With so much to see and do across the country on 30 November, we round up a few of the events and charitable causes we're most excited about this year
As the rest of the world gears up for the consumerist feeding frenzy that is Black Friday, there is a different song to be sung here in Scotland, as community groups and creative minds throughout the nation prepare for St Andrew's Fair Saturday.
Taking place on the last Saturday of November each year, Fair Saturday originated in the Spanish city of Bilbao as a multi-arts movement that aims to promote empathy and togetherness in the face of growing isolation and xenophobia. Since its first edition in 2015, the movement has quickly spread across the world, and Scotland became the first to participate as a nation in 2018, tying it with the annual celebration of Scotland's patron saint.
In cities and towns across the world, artists and cultural bodies will host concerts, events and workshops in support of a social cause close to their heart, whether it be a refugee charity or a local hospice. Last year, over a million euros were raised by over 10,000 organisers in 180 cities.
As St Andrew's Fair Saturday is (unfortunately) only one day a year, and with such a diverse, exciting programme ahead, some difficult choices will need to be made. To help you in the decision-making process, we're here to shout about a few of the events that we're most keen to check out this year.
Aidan O'Rourke / credit: Genevieve Stevenson
Acclaimed folk musician Aidan O'Rourke is hosting a musical feast over at Queen's Hall, which will see him joined on stage by piper Brìghde Chaimbeul and the Soundhouse Choir, led by Heather Macleod of the Bevvy Sisters. The programme will feature a wealth of Scottish songs old and new, with all profits going towards the Soundhouse Organisation, which is currently raising funds for a live music venue and musicians' centre in Edinburgh.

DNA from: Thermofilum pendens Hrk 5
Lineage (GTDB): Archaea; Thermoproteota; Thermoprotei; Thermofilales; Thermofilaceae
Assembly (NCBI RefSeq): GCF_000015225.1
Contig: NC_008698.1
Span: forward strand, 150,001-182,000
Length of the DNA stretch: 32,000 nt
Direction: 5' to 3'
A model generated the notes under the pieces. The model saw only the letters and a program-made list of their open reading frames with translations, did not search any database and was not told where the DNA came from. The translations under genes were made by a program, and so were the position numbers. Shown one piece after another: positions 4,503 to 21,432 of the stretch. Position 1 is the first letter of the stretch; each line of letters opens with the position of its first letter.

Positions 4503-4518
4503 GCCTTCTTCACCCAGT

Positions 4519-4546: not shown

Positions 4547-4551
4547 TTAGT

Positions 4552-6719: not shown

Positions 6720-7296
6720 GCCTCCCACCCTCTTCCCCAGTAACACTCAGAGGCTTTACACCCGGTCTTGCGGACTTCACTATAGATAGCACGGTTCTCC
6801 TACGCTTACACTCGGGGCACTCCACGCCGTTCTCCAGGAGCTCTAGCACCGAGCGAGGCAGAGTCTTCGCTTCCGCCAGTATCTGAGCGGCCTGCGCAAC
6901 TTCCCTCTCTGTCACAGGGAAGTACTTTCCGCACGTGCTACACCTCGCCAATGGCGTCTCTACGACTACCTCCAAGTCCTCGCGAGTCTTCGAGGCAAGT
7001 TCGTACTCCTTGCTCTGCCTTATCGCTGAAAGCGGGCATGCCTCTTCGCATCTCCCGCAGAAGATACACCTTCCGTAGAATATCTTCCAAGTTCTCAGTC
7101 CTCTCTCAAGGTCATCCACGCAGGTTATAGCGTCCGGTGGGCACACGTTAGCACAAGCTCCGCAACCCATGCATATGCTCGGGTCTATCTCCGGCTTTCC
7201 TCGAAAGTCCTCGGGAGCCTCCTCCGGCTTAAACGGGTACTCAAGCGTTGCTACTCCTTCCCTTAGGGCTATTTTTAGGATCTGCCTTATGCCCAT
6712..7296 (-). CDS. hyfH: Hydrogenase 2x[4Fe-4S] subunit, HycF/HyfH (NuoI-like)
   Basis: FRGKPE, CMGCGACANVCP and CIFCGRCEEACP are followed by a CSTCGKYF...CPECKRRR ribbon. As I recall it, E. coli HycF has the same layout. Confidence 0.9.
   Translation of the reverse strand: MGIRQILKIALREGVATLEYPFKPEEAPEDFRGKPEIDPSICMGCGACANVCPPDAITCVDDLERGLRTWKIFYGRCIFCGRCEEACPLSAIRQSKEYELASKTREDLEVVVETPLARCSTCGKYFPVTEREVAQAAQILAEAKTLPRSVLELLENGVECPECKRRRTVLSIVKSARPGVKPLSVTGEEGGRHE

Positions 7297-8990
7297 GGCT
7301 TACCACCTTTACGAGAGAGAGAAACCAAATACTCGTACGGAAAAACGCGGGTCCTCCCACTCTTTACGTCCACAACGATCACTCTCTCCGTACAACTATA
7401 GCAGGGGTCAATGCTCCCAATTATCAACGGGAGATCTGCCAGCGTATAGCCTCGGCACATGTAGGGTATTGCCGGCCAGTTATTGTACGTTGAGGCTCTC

Over at Summerhall, the multi-arts venue will be hosting their inaugural Fair Play gig, a live showcase featuring musicians SHHE, Little King, Harry Harris and writer Jenni Fagan. Each artist has taken part in Summerhall's various artist development programmes this year, and all proceeds from Fair Play will go back towards funding these programmes and the various forms of resources and support they provide to emerging creatives.
The Scottish Storytelling Centre is inviting everyone to put their dancing shoes on for their Family Ceilidh, an afternoon of social dancing that even the wee ones can take part in. Later in the evening, the centre will come alive with the Ceilidh House, in which everyone and anyone can come sing, dance, play music and share stories, or just sit back and soak in all the vibrant talent on display.
Jenni Fagan / credit: Mihaela Bodlovic
Over in Leith, Edinburgh Tool Library will be opening the doors of its Customs Lane workshop to host a range of festive maker sessions, wherein participants can come to grips with using lathes and bandsaws to create small, seasonal projects just in time for the holidays. Similarly, Edinburgh College's Granton campus will be supporting Stand Up to Cancer at their Creative Afternoon event, which will feature an exciting range of activities, workshops and live music.
Meanwhile, the Travelling Gallery will be rolling up to Chambers Street with their autumn exhibition Day of Access. Featuring works by activist Alec Findlay alongside a myriad of others, the exhibition explores themes of disability, accessibility and ecological remediation, whilst campaigning for better support and accessibility services for people living with disabilities. Just outside the city in nearby Roslin, the atmospheric Rosslyn Chapel will be hosting a performance of Benjamin Britten's A Ceremony of Carols by Heriot-Watt University's chamber choir, alongside harpist Sophie Askew. The concert is in support of the charity MYPAS, which works to help young people in Midlothian cope with issues around mental health, drug and alcohol use.